The former Defence Secretary Liam Fox has called gay marriage proposals “divisive, ill thought through and constitutionally wrong” while promising to vote against them in the Commons.
The Tory MP said he does not believe the move is a deliberate effort to “antagonise” party traditionalists, but branded it “a form of social engineering of which Conservatives should be instinctively wary” which would please only “a very small, if vocal, minority”.
Mr Fox, who resigned from the Cabinet in 2011 over his controversial working relationship with his friend Adam Werritty, emphasised that he was not homophobic. Gay partnerships were, he said, “a variant of the spectrum of human sexual behaviour and should be treated with tolerance and respect”.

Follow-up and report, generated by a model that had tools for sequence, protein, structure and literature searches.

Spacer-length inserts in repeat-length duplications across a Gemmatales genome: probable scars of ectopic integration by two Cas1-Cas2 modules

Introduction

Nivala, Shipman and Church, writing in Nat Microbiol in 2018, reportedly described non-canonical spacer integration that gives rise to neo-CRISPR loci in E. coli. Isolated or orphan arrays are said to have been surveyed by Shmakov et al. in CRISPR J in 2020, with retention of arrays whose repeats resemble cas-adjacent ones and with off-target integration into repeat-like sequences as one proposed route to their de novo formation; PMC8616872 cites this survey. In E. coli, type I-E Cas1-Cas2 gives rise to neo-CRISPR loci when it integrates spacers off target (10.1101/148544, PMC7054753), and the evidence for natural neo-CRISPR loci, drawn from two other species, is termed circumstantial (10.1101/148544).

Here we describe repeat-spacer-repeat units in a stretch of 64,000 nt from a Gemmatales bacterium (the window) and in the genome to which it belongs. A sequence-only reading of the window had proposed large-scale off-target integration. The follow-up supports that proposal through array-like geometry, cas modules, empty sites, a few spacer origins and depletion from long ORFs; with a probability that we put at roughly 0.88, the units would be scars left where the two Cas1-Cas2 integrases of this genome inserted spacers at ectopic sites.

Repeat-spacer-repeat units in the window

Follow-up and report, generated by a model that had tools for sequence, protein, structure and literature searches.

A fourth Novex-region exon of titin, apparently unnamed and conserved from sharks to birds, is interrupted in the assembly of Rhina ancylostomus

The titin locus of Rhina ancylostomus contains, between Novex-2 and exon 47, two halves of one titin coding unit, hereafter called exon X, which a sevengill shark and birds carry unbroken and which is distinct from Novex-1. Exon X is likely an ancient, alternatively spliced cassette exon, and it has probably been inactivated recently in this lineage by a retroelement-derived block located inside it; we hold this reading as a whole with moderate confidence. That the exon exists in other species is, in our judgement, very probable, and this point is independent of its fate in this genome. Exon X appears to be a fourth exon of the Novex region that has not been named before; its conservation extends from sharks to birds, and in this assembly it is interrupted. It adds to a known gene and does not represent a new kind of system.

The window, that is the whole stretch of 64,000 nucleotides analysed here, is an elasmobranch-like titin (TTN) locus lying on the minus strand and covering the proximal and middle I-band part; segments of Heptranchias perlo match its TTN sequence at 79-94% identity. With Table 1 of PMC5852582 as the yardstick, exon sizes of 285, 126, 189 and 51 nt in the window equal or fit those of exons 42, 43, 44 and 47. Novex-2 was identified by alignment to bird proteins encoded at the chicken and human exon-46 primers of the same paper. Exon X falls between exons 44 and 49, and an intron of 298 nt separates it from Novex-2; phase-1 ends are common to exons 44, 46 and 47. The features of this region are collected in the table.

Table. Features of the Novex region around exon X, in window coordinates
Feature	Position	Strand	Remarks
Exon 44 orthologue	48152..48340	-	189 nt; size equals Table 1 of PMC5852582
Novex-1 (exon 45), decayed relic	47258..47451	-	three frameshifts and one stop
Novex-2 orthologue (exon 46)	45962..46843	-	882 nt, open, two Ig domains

Speaking to some of his constituents, Dr Fox said that a ban on the Church of England performing such ceremonies appeared to have been written “on the hoof”.
This legal caveat, inserted to reassure religious critics, is “absurd and anomalous” given that the Catholic Church is not covered despite being even more strident in its opposition to gay marriage, he said.
Prime Minister David Cameron has pledged to introduce the changes by 2015, despite concern among his party that the subject has upset many among the Tory grassroot membership.
Dr Fox reiterated this point, saying it had “led to the alienation of many loyal and, in many cases lifelong, supporters of the Conservative Party,” adding that there should be a U-turn “before things get out of hand”.